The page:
I was born on the 17 October, 1934, in Kentish Town, London, and have lived happily ever since. My father was born in Walworth, my mother in St John’s Wood. I am a Londoner through and through. London is my town and it always will be. I have seen a few cities and a few countries but London is the place for me. Seven years ago, when Bobby Robson, Bedford Jezzard and myself were dubbed the ‘£60,000 trio’, the newspapers told the tale of how Fulham were going to sell us to Newcastle United. In 1959, and again in 1961, there was a hue and cry in the newspapers again, warning the English football world of an Italian invasion in which the best players would be carried off to Rome, Milan and Turin with cheques of £75,000 and £100,000 left littered across England like scrap paper. I was one of the players on top of the wanted list. Nobody asked me what I thought of these propositions, but if they had I would have surprised them by saying no thank you each time. I cannot think of one good reason why I should leave my family and friends, the Fulham club and London town, where I am perfectly happy to go anywhere else in the world, just to make money. Money? I reckon I can make just as much in London as I can anywhere if only I use my wits and intelligence to the limit.
Families like to tell stories of how their little Johnny sang a song at the age of six months, or fell off his bicycle on his first birthday. We all conjure up remarkable things which happened to us in our earliest days but to recapture them is immensely difficult and most of them remain lost in the fog of memory. My first clear recollections are of the war and of my father being in the Army. He had been a shoe-tree manufacturer before the war, but he went into the Ordnance Corps and was stationed for a time at Bicester. For the last two years of the war he was in Burma.
So my earliest memories are of war, bombing and air-raid warnings, of nights spent in the shelters, of rationing – and of football. I simply cannot remember a time when I was not playing football. At that time, I always seemed able to get into the Under-11 eleven, if you know what I mean, although I was something of a midget, and I was pretty good by all accounts even then. That was at Houndsfield Road School, Edmonton, where we were living and there were regular matches and fixtures on Wednesdays and Saturdays. This was my first experience of organised competitive football and I do not think I have lived without it since. The rest of the time was taken up in the local park playing football. There we had scratch matches with me playing against men – well, they seemed like men to me although they were probably only fourteen or fifteen years old, but I used to muck in with them. I was knocked about plenty and there would often be fights. Not that I was throwing many punches. I took good care to have a friend who had a big brother. My chum was Reggie Francis who lived next door, and we played together right through most of the school teams into our teens. Reggie still lives in Edmonton, still enjoys his game – Sunday football for him now – and is a very clever ball player. His elder brother Ken was my champion. When Haynes was in trouble, Ken coped with all the rough stuff on my behalf when he was playing on my side. When he was on the other side, little Johnny Haynes just had to take his chances and hope for the best.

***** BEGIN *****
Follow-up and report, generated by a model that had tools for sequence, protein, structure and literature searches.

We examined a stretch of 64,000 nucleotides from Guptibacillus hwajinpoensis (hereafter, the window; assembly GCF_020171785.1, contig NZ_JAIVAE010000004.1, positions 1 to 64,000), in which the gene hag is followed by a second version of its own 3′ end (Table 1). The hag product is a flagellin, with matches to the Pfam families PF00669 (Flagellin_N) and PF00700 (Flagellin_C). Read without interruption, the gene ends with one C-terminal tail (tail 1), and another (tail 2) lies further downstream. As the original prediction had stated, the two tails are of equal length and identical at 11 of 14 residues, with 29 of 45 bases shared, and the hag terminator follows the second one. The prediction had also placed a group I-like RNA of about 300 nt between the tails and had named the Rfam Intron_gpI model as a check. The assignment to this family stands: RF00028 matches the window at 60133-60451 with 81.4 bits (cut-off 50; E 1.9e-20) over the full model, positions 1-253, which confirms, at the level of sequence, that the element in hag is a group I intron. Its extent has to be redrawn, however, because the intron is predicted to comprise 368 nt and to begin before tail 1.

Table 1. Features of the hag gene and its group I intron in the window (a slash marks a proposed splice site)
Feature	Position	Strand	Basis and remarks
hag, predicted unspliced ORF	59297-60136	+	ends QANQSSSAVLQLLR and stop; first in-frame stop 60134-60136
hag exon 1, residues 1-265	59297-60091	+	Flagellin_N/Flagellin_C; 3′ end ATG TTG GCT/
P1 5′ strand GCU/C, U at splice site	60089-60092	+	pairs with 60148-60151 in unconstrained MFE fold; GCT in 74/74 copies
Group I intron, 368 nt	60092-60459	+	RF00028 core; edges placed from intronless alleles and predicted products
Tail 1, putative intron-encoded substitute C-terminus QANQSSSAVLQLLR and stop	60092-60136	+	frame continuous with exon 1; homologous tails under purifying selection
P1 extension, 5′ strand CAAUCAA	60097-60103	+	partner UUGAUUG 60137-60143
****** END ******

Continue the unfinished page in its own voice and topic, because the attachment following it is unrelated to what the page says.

Edmonton did not have too much bombing, but there were air-raid warnings galore and we would have to spend many nights in the shelters. My mother worked in a factory during the war, and what with that and my father being in the Army, they probably decided that I was better out of London. My father had some friends in Droylsden, Manchester, who had a boy of about my own age and I was packed off there. On reflection, it was rather an odd place to which to evacuate me. Manchester was just as likely to be bombed as Edmonton.
My father’s friends were extremely kind to me but I had few chances to play football. The family was Catholic, as I am myself, but they practised much more strictly than we did. I was sent to a Catholic school, sent to church every day, had to serve Mass at the alter and so on. These were habits of the family so I had to comply and I was hardly old enough to protest, in any case, much as I would have liked to. There was a local football team of course, as there is everywhere, but there was no junior side and therefore no football for me. I must have reckoned this was really a hard war for I lasted only six months there, and then defeated the whole object of the exercise by getting back to London just as the flying bombs, the ‘doodle-bugs’ started arriving. I found that the pressure had been put on my mother to get me back to Edmonton. It seemed that the old school team had not done so well without me. There had been a regular campaign going on, with deputations from the school calling to ask her when I would be back, and saying that the old place was not quite the same without me. This was my first, but not my last, experience of the pressure group.
Be sure to return to fulhamfc.com next week, when Johnny discusses the sacrifices made by his parents as he pursued a career in football.
It's All In The Game was published by Arthur Baker Limited.